Sometimes there will even be special levels for you to complete, such as the recent Holiday Hoarders Christmas-themed level – it basically turned the entire first level all Christmassy, and whilst it may not seem like much, it is certainly a novelty to see Agent 47 dressing up and becoming a killer Father Christmas – after targeting the actual Father Christmas and stealing his outfit! The Hitman games have always had a certain tongue-in-cheek element to them, and Hitman is certainly no different. There are also bonus missions for you to complete, though unfortunately you do have to buy them separately, so even Hitman isn’t entirely free from the terror that is microtransactions.

There are many creative kills, though you have to be an ardent player to find them all.

Another addition is the Contracts mode, in which you are able to create your own contract hits for other players to… play. Upon starting a level of your choosing, all you need to do is mark an NPC, kill them, and the method in which you kill them is tracked and then saved. All you have to do really is play the same levels but with some slight alterations as you set up a kill, though thankfully there is a helpful tutorial mode that delves deeper into what you have to do to create your own Contract.

Hitman in a nutshell is basically lots of menus to navigate, and lots of individual challenges for you to complete, and for a game based entirely on single contract hits, this layout couldn’t be more better suited. In fact, I question why there ever needs to be another Hitman game again when IO Interactive could easily keep adding levels and missions, even cutscenes, to the ones that are already available. However, with the open-ended final cutscene, and the fact that the game structure is now episodic and series-like, of course it stands to reason that a second series is already in development, though a lot more content has been promised in the meantime and so far that promise has been lived up to.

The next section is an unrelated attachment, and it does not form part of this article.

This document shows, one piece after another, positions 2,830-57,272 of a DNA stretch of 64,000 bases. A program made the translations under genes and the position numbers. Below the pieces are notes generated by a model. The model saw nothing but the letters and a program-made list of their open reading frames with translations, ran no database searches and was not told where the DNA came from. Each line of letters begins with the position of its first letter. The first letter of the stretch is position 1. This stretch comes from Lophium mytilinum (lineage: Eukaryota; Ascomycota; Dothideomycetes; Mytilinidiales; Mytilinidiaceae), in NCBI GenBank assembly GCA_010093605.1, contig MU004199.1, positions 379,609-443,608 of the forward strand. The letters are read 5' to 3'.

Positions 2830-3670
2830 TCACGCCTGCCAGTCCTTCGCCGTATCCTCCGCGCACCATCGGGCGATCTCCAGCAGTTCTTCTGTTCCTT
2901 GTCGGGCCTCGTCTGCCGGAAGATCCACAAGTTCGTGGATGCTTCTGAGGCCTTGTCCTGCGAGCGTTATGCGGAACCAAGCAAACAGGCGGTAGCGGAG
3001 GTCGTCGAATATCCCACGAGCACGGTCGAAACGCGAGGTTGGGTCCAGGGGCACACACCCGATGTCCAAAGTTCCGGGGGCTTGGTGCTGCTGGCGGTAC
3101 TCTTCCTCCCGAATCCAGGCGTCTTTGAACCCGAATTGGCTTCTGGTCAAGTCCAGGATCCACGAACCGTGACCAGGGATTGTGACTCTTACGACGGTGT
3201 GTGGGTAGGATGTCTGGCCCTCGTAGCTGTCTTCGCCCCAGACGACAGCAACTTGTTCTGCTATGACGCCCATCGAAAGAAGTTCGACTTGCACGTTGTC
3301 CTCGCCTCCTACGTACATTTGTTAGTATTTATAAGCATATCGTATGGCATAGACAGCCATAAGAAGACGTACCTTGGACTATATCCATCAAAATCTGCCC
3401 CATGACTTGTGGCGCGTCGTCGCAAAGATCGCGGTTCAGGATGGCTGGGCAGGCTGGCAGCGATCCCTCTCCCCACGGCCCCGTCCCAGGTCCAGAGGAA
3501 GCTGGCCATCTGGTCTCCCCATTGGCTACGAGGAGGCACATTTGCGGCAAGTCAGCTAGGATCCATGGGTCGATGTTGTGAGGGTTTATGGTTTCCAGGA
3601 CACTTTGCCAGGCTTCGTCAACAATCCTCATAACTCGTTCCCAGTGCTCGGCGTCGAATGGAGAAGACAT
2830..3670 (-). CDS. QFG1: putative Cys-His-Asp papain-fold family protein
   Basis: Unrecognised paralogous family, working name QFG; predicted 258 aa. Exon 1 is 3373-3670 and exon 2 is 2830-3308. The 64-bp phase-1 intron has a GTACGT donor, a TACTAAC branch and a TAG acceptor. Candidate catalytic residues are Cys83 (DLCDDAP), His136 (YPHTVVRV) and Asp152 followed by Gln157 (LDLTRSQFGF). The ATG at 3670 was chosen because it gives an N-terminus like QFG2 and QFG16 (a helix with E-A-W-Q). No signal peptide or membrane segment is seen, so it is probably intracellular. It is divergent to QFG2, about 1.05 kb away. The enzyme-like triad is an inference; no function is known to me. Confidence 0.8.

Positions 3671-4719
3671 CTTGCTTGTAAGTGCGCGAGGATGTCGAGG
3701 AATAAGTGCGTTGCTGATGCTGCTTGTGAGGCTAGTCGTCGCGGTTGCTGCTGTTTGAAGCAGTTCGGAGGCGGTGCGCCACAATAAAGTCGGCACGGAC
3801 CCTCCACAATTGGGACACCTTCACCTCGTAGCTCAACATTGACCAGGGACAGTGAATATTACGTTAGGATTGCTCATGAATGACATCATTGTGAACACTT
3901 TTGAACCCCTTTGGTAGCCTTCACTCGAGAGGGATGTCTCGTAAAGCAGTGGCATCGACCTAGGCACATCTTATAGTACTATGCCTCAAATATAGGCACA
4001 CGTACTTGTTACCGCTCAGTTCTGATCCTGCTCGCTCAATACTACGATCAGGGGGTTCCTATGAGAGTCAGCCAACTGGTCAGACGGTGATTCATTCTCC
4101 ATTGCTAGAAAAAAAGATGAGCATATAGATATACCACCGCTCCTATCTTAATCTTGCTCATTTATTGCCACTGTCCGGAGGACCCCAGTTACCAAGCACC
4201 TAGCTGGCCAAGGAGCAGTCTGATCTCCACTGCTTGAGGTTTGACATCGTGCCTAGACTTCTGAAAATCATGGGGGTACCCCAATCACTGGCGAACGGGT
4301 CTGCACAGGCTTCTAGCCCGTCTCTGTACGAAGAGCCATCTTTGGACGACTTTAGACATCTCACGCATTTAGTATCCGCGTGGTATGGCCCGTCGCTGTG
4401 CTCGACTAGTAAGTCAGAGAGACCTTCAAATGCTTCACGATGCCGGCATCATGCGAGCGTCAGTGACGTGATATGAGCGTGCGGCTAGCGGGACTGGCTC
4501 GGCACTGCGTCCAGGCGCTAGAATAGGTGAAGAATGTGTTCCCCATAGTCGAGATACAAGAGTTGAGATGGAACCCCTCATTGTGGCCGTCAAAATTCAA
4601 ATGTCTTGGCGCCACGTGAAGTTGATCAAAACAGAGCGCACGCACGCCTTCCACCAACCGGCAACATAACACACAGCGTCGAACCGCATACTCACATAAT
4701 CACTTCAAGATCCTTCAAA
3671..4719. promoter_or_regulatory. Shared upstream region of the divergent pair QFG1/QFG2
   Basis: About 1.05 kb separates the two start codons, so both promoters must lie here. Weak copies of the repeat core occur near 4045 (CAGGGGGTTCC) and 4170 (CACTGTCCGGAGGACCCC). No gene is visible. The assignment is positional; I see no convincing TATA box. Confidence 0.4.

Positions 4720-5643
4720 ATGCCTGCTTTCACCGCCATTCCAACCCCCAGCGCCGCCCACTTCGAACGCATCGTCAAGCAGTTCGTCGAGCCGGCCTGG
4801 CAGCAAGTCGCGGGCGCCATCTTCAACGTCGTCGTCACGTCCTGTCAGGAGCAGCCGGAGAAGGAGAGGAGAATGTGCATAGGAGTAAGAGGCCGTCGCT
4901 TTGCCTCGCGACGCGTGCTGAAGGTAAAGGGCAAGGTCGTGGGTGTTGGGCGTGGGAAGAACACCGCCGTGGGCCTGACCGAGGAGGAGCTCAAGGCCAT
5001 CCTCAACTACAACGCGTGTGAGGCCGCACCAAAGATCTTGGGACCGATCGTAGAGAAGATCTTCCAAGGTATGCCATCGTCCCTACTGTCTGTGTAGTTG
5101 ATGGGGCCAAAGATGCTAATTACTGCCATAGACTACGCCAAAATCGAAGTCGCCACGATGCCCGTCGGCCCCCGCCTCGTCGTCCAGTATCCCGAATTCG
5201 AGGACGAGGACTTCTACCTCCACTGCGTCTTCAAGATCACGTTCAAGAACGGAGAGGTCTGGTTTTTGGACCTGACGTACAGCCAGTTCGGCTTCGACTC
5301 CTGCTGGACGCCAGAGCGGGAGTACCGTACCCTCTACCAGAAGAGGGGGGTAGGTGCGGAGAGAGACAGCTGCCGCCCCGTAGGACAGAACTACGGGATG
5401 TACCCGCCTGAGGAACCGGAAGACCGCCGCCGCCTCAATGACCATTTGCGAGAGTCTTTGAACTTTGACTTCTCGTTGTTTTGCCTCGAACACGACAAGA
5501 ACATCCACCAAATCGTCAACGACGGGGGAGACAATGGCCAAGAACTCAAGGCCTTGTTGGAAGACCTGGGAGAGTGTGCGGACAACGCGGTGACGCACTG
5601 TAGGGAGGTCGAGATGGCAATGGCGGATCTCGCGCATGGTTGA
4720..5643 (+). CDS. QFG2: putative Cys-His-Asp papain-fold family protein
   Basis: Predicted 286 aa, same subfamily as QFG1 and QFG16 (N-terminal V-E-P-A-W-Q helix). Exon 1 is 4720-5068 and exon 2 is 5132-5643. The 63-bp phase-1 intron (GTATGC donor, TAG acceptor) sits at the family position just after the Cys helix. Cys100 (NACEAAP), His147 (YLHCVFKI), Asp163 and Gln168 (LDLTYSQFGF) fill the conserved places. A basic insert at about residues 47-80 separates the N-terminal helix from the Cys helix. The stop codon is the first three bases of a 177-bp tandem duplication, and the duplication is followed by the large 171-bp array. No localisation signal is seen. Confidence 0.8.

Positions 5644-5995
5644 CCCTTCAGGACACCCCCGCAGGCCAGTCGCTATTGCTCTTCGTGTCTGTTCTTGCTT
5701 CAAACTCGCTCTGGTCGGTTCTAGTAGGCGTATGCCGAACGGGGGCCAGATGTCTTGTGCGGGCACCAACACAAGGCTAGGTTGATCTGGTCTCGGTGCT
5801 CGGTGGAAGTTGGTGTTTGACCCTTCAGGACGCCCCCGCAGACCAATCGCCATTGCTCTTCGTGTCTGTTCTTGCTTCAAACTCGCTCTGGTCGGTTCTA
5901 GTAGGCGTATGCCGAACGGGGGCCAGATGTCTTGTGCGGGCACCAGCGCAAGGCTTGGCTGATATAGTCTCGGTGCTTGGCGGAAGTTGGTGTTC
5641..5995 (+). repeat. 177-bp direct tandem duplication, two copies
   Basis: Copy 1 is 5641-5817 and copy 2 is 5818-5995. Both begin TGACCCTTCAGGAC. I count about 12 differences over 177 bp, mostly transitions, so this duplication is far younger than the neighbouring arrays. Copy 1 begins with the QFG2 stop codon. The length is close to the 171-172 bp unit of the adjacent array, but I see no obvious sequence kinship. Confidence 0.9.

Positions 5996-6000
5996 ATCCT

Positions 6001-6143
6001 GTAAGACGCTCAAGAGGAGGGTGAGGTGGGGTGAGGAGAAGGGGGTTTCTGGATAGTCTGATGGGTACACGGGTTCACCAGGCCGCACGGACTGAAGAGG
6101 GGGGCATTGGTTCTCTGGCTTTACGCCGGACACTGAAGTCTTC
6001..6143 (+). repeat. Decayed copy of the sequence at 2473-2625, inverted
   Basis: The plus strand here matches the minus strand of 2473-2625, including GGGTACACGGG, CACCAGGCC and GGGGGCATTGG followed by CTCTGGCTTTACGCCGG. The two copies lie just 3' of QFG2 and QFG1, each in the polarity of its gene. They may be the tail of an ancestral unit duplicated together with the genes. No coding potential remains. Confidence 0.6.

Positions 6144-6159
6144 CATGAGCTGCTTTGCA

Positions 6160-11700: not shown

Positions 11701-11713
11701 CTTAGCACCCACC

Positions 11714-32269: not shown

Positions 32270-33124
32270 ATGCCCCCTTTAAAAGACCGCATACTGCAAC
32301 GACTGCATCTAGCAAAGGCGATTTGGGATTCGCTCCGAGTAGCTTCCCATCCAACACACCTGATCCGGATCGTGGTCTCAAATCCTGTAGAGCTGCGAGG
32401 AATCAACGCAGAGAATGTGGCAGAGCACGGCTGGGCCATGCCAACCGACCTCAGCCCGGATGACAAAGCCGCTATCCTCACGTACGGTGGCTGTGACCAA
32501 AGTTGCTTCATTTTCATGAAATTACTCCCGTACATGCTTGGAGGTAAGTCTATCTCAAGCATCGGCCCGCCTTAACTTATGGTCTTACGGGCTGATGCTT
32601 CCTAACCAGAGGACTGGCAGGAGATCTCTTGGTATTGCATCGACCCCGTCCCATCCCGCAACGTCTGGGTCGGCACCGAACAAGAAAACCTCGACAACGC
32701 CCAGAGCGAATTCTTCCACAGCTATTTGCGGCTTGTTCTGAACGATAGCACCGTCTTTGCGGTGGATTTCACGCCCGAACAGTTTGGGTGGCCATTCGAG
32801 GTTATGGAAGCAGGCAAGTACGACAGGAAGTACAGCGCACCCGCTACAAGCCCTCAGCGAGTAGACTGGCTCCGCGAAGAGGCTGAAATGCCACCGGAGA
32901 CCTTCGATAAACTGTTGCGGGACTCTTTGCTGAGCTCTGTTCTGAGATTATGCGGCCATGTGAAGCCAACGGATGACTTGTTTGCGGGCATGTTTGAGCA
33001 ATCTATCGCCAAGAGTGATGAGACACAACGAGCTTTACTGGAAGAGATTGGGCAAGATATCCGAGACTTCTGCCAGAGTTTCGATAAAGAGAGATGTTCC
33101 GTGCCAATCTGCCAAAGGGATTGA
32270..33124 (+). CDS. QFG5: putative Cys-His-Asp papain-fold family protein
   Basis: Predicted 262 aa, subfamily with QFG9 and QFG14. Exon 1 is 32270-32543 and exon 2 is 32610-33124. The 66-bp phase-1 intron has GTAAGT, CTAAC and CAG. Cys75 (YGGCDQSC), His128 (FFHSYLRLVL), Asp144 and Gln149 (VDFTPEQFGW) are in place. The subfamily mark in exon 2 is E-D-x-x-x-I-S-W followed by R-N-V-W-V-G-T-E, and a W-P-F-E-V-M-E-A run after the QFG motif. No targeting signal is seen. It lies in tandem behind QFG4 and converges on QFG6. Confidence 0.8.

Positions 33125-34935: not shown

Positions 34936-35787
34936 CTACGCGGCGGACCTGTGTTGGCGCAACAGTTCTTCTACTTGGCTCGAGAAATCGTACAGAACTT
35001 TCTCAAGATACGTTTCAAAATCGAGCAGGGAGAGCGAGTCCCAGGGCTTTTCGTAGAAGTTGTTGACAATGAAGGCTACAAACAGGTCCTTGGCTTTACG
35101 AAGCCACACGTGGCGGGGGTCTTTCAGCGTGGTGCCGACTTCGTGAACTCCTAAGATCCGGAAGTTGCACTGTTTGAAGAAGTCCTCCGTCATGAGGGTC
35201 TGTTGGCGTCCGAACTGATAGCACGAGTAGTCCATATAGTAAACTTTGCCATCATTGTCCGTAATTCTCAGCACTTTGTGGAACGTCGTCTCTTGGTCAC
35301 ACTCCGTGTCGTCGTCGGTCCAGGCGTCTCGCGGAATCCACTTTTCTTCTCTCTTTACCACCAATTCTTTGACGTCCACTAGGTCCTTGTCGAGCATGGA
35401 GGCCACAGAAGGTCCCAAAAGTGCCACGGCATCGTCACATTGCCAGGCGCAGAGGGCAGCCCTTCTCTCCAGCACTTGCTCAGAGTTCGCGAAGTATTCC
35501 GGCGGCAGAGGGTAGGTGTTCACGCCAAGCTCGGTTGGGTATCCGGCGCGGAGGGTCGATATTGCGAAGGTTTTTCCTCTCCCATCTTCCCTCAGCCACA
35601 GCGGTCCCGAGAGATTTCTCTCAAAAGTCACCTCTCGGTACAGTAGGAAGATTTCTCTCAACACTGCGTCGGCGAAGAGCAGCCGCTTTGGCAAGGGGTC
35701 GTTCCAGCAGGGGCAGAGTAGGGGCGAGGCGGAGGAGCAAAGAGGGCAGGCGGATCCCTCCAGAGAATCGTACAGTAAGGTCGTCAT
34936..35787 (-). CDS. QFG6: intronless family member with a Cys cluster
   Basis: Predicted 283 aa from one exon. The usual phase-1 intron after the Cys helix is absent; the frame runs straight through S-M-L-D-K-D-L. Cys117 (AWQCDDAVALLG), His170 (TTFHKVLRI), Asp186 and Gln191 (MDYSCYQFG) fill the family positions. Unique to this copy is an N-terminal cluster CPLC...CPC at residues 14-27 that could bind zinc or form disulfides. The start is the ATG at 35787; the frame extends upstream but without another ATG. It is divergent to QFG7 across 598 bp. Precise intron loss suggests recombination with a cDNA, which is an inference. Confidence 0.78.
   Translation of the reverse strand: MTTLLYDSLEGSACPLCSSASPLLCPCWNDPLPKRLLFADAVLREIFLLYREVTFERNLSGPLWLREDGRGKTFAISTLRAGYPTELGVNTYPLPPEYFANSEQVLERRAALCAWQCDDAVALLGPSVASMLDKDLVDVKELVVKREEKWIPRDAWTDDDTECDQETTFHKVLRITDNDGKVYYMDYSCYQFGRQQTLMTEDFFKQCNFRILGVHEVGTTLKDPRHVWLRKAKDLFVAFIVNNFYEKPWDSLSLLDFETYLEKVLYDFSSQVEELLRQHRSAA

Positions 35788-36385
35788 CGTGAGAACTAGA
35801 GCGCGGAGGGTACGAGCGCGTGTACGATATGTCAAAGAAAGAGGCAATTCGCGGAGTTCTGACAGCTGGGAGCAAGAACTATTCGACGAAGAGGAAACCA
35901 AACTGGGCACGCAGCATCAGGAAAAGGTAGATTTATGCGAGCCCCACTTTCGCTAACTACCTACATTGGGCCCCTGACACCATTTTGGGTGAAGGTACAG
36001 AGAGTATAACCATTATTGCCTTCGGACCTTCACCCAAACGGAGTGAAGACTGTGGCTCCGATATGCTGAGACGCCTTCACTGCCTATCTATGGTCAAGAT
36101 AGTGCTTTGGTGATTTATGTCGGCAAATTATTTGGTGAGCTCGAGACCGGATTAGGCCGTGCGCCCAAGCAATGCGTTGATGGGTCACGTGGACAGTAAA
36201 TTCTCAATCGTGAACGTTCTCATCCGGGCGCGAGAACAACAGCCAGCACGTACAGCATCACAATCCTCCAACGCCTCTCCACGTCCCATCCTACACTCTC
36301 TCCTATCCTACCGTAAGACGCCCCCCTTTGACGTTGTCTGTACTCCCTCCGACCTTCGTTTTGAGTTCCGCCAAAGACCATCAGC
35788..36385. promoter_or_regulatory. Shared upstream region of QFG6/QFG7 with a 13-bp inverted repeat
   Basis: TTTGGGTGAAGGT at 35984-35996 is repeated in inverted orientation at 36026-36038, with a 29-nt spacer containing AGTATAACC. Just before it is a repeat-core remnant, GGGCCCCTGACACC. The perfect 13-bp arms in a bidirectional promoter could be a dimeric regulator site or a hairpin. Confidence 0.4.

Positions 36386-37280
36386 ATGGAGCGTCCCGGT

Of course, whilst the game already offers so much, it isn’t by any means perfect – as mentioned the story is on the short side, though if you are also quite the skilled Hitman player, then your skill level will actually show how terrible the AI can be at times. However, as someone who isn’t very adept when it comes to stealth, I didn’t actually notice many problems with the AI myself, except during one mission in which the enemies were all pretty much flocking out of one doorway, all lined up nicely for the end of Agent 47’s pistol. Yes, whilst stealth is encouraged, sometimes with the right cover and timing, you can engage in combat, though at the expense of achieving that elusive Silent Assassin score, or in my case, any score at all… Hitman takes a lot of skill to master but gamers of any skillset will find something to enjoy when playing. I do wish I had the patience to find more of the elusive kills as they feel all the more rewarding than just pushing someone off a ledge, though I still had a lot of fun with this game.

Death by Dance Mat! As morbid as it may be, deaths certainly give a satisfying pay-off for all of your hard-work and patience.

Hitman is a game that also offers what players wanted – single contract hits and many ways to kill targets, and if you are an avid explorer, there are certainly some creative kills to be found. It seems that IO Interactive have listened to fans – David Bateson is back with his iconic voice, after fans were up in arms at his possible replacement in Absolution, and the developers have stripped the game back to being an open sandbox game which enables you to kill targets any way you would like.

If you are a fan of Blood Money, then this game will certainly whet your appetite, and if you were patient enough not to buy the Hitman episodes separately upon their original release, you can now buy them all in a bundle for £44.99 – that’s around £7.49 per episode – which is slightly less cheaper than when the episodes had previously been released individually. If you shop around, you can also get the full physical release for under £40.